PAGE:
Monocolumn

A daily bulletin of news & opinion

8 May 2015

FILM: Girlhood

“There’s one particular sequence that almost had me jumping out of my seat applauding – it’s such a euphoric high”

Tim Robey, film critic for ‘The Telegraph’

French director Céline Sciamma’s latest film Girlhood stars newcomer Karidja Touré as Marieme, growing up in a tough Paris suburb and making choices that will affect the rest of her life during the last summer of school. The film is a powerful vehicle for its stars, not only depicting a seldom-seen side of urban Parisian life on the big screen but because it also found much of its talent from the streets themselves rather than with traditional casting calls. It means Girlhood is a film brimming with energy, hard truths and very real life.

ART: Venice Biennale

“It’s going to be artists dealing with identity; issues of nationality”

Ossian Ward, head of content at Lisson Gallery and writer on contemporary art

This weekend Venice welcomes the contemporary-art world to its waterways as the 56th La Biennale di Venezia kicks off in the city and it will stick around until November. This year the theme is “All the World’s Futures”, led by Nigerian curator Okwui Enwezor. He is greeting the event’s glitz and glamour with some questioning themes – Karl Marx’s Das Kapital will be regularly interpreted in a live setting over the coming weeks – and works such as US artist Theaster Gates’s depictions of the deterioration of church-led community in the US (pictured) will lend proceedings a more reflective, if no less dazzling perspective.

MUSIC: Ryley Walker, Primrose Green

“It’s essentially folk rock but with a very loose, free-flowing jazz element to it and I think it works like an absolute dream on this album”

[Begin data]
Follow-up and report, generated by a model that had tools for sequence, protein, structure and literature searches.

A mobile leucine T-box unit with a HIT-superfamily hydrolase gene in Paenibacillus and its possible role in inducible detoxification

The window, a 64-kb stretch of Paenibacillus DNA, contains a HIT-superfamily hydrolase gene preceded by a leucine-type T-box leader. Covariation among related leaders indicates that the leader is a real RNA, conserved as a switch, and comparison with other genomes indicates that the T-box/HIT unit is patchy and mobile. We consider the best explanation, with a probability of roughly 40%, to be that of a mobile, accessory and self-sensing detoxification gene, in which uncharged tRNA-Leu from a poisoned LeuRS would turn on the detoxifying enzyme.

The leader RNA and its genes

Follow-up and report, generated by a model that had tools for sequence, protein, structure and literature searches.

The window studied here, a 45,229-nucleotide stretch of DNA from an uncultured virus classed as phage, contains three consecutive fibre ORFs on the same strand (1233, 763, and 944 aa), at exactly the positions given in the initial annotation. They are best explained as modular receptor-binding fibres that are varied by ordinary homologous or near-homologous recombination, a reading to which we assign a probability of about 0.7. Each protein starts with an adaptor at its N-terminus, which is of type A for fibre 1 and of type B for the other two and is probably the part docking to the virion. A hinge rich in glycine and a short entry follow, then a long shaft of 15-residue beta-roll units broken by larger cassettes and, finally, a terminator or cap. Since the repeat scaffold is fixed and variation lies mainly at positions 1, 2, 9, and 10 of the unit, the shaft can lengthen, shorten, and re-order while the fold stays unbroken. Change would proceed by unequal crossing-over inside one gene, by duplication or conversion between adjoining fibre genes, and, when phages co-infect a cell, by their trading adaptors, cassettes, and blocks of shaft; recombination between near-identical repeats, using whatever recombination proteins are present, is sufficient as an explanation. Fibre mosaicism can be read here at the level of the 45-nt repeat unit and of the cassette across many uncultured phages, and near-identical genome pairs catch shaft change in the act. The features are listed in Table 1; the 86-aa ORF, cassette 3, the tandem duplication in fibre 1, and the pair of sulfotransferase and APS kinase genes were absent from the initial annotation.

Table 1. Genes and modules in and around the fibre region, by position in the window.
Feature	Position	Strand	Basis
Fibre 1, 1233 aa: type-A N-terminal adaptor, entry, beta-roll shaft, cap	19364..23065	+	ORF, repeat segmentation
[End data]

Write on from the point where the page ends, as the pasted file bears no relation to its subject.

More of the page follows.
Pete Paphides, music critic and broadcaster

Chicago’s Ryley Walker is a singer-songwriter fusing folk and more expansive jazz-influenced musings to create a new sound that actually sounds a lot like your dad’s old dog-eared vinyl – in a good way. Think Van Morrison in his blustering prime or Bert Jansch’s quieter yet no less majestic mastery of the genre. Primrose Green is an effortless listen and you only wonder where Walker might be headed next on album two. We’d hope not too far away.

THEATRE: Golem, London

“It is very much about the way we live now and also about our dreams – how we communicate, how we can succeed, what we can accomplish – and how sometimes that can take over our lives”

Donald Hutera, theatre critic, ‘The Times’

Golem at London’s Young Vic theatre is an adaptation of Gustav Meyrink’s 1914 novel of the same name but the theatre version performed by experimental group 1927 combines striking video to bring this anti-modernity fable to life. The show tells the story of a drab workplace and the influence of an at-first innovative, and latterly menacing new presence – the Golem – on its inhabitants. You could replace the Golem with any modern technology menace of your choice – the iPad or just “the future” in general – but one thing is clear whatever form it takes: we all have to face it eventually.

BOOK: When to Rob a Bank by Steven D Levitt and Stephen J Dubner

“I go through this book thinking that I’m really clever because I understand the concept and then I realise that there’s a million things that I’ve never, ever thought about – to me that’s deeply inspiring.”

Sharmaine Lovegrove, literary consultant for ‘Dialogue Berlin’

Freakonomics, the blog that launched the book series of the same name authored by Steven D Levitt and Stephen J Dubner is now 10 years old. To celebrate this milestone, Levitt and Dubner have released new title When to Rob a Bank: And 131 More Warped Suggestions and Well-Intended Rants, which collects the best of the series’ sideways looks at the ways things work and often throws in its own rather strange questions, too. They’re the ones that you might have always been too afraid to ask, ranging from “If you were a terrorist, how would you attack?” to “Why does KFC always run out of fried chicken?”.

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